GDP and employment might not march in lock-step, but they’re still inextricably linked. The principal question for the 2024 labour market is whether the overall economy continues to trudge along at near-zero growth, or deteriorates more significantly. Forecasters generally expect the former, but many households and businesses tell surveys they’re concerned the full impact of the rate hike cycle hasn’t been felt.
Muddling along would likely come with further declines in employer recruiting activity. Both Statistics Canada job vacancies and Canadian job postings on Indeed fell throughout 2023 across most sectors, and were down 26% and 29% year-over-year as of August and mid-November, respectively. Job postings remain 17% above pre-pandemic levels, owing to their exceptionally high peak in early 2022, and their relatively gradual pace of decline since, but there are no signs of near-term reversal in the trend.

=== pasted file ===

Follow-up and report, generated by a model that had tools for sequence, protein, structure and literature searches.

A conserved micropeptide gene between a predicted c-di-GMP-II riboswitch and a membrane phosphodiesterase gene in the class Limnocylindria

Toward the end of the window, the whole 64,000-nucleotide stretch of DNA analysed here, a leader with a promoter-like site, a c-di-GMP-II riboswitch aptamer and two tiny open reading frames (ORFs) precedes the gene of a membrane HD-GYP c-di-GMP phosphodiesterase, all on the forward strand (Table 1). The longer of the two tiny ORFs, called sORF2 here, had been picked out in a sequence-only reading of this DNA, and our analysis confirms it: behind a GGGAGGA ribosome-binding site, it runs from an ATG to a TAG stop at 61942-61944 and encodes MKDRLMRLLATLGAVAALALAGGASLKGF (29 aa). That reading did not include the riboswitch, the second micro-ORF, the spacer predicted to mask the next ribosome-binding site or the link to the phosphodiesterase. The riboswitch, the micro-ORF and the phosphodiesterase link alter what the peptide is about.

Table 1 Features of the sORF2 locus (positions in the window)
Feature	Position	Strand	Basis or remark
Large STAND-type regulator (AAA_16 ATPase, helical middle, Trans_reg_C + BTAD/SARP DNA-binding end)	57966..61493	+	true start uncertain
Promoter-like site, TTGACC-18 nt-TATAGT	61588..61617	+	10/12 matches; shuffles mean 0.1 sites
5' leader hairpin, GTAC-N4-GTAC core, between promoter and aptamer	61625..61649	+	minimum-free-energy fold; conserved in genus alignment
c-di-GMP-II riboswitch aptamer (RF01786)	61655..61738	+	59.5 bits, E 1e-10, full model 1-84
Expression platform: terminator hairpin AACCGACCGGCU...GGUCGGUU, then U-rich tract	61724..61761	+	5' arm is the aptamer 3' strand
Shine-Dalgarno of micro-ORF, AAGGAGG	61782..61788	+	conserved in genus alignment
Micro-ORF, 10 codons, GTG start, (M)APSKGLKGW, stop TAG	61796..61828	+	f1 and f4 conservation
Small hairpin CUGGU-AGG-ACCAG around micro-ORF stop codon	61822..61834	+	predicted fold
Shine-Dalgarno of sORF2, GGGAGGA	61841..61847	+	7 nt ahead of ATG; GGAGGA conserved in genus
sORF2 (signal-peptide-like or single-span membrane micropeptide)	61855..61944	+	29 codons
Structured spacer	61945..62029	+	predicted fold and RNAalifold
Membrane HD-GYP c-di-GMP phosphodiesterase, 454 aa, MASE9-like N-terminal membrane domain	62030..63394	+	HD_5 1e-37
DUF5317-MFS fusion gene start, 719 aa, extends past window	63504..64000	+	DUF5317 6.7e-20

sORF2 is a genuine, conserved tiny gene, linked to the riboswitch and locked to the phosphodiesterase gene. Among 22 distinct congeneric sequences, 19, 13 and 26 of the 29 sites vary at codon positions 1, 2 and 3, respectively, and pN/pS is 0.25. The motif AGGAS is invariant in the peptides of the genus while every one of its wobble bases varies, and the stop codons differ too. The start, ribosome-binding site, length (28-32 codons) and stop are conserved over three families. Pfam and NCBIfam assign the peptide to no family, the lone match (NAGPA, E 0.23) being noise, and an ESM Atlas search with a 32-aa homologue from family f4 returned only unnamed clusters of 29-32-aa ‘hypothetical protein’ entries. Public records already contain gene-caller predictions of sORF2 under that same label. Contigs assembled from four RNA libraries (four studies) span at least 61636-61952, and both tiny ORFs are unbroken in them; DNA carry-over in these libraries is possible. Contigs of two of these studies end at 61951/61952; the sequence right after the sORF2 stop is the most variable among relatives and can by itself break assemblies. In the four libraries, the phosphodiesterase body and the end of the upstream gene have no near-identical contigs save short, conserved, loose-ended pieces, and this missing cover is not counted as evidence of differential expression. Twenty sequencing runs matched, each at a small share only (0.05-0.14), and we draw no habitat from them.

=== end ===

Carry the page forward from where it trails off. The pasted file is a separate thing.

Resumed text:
While the drop in job postings on Indeed has been widespread, the shift has been more pronounced among some occupational sectors. As of early November, many of the jobs experiencing the sharpest declines in postings compared to a year earlier were in tech-related fields including software development, IT operations, and information design. Other sectors with outsized drops included driving, loading and stocking, and food service, the latter two from quite elevated levels.